The Feasibility Report, drafted by Wilbur Smith Associates, repeatedly refers to Phase 1 of the project as a “Reconstruction of existing road with Elevated Corridor from Light House to Besant Nagar. . .reconstruction of existing bridge across river Adyar with “Signature bridge”
It refers to the Phase 2 of the project as “Construction of Elevated Corridor from Besant Nagar to East Coast Road (ECR) along the coast by making use of the existing road alignments.”
It is noteworthy that the “existing bridge” referred to in relation to Phase 1 is a dilapidated structure of a pedestrian bridge that was washed away in a major cyclone in the 1970s, and has never been reconstructed since. Replacing a broken, unused pedestrian bridge by a 6-lane expressway can in no way be construed as a mere reconstruction. Such mischievous wording is intended to facilitate CRZ clearance for a project that otherwise cannot be accorded such clearance.
Violating the CRZ Notification is not merely a legal infraction. Rather, as a yet another instance of inappropriate land use, the road project will add on to a long list of existing encroachments in the coastal area, and exacerbate the effects of extreme weather events that are anticipated to occur more frequently and with greater intensity in the future.
The Government of Tamilnadu has wrongly designated the entire coast of Chennai as CRZ 2. By notifying even ecosensitive areas including sandy beaches, Olive Ridley turtle nesting grounds and estuaries as CRZ 2, they are opening these areas for unregulated development. This despite the fact that the Ministry of Environment & Forests, through a letter to the Chief Secretary, Government of Tamilnadu, dated 27.9.1996, has issued clear instructions that “In addition to the information already available with the Government of Tamilnadu, all ecologically important and sensitive areas shall be demarcated on the basis of the following sources of information and be classified as CRZ 1”.The suggestive list mentioned by the Ministry in this letter include: mangroves, mud flats, breeding grounds for turtles, areas rich in genetic diversity, and areas of outstanding natural beauty.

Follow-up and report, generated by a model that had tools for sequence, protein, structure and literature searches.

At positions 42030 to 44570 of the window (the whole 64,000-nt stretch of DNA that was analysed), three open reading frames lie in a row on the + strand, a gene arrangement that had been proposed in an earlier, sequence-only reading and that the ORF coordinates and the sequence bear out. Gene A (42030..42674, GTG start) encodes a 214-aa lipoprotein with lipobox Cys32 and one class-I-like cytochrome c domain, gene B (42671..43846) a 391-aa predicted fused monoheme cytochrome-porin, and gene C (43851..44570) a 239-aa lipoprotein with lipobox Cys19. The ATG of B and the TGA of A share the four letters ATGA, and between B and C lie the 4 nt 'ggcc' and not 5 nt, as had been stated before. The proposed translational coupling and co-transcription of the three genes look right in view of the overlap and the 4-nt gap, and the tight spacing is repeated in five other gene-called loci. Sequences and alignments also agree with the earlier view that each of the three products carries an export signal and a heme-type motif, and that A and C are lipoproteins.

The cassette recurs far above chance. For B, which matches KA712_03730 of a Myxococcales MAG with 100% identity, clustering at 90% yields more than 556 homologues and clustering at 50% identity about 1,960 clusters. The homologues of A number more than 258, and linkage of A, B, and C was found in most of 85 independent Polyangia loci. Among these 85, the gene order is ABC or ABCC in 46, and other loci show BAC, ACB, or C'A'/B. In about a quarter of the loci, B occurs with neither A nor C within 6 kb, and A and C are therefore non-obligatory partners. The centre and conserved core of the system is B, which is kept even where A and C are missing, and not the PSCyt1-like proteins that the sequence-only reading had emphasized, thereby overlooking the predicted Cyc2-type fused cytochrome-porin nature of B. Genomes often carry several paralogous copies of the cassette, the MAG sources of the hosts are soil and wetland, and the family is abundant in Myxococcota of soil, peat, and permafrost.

The Wilbur Smith report admits that “the first phase of the proposed road project crosses the marine environmtal sensitive place of Adyar estuary. The estuary is also name demarcated as bird sanctuary by the Tamil Nadu Forest Department. Noise generation arising during the construction activity will drive the birds away and cause an ecological imbalance to the estuary and the fish population”.
c) Disruption of Olive Ridley Turtle Nesting Habitat: Marina, Besant Nagar, Thiruvanmiyur and Kottivakkam beaches are known nesting grounds for the Olive Ridley turtles. Ridley turtles are listed in Schedule 1 of the Wildlife Protection Act at par with the Indian tiger. Turtle hatchlings are extremely light sensitive, and strike out towards the moonlit-oceans in the absence of any background light. With a highway running through the beach, the lights are likely to fatally confuse Ridley hatchlings. In 2008-09, about 65 turtle nests, with roughly 100 eggs each, were recovered from the area between Neelangarai and Adyar Estuary.
The Wilbur Smith feasibility report states: “The proposed construction activity has significant impact on fauna. The proposed site is known for the breeding ground of Olive Ridley Turtle (Green Turtle). The construction activities will have major impact on the turtle breeding”.
d) Theosophical Society and Adyar Estuary: At one time, the Government of Tamilnadu had declared the Adyar Estuary as a bird sanctuary. Even now, despite the polluted nature of the waterway, the estuary and the densely wooded grounds of Theosophical Society continue to attract a variety of birds. The developments on the Northern shore of the Theosophical Society (MRC Nagar) and the increased urbanisation since 1989 have already taken a toll on the local bird bio-diversity, which remains impressive for an urban setting despite the beating it has taken. According to a comparative study done in 2009 by EMAI, a Chennai-based registered Trust engaged in environmental monitoring and action, at least 109 birds were spotted in the Theosophical Society and Adyar Estuary area in 2009. This is in contrast to 175 in 1989, before the constructions in MRC Nagar came up, and 124 in 2004. At least two species, listed in Schedule 1 of the Wildlife Protection Act, 1972, have been sighted in the Theosophical Society grounds. The Black Baza (Aviceda leuphotes) and the White-bellied Sea Eagle (Haliaeetus leucogaster) were regi;ar visitors to this area until 1989 and 2004 respectively. The fact that such species frequented this ecosystem underscores the ecological importance of the area, and indicates that the region should be revived to make it hospitable for these and other species.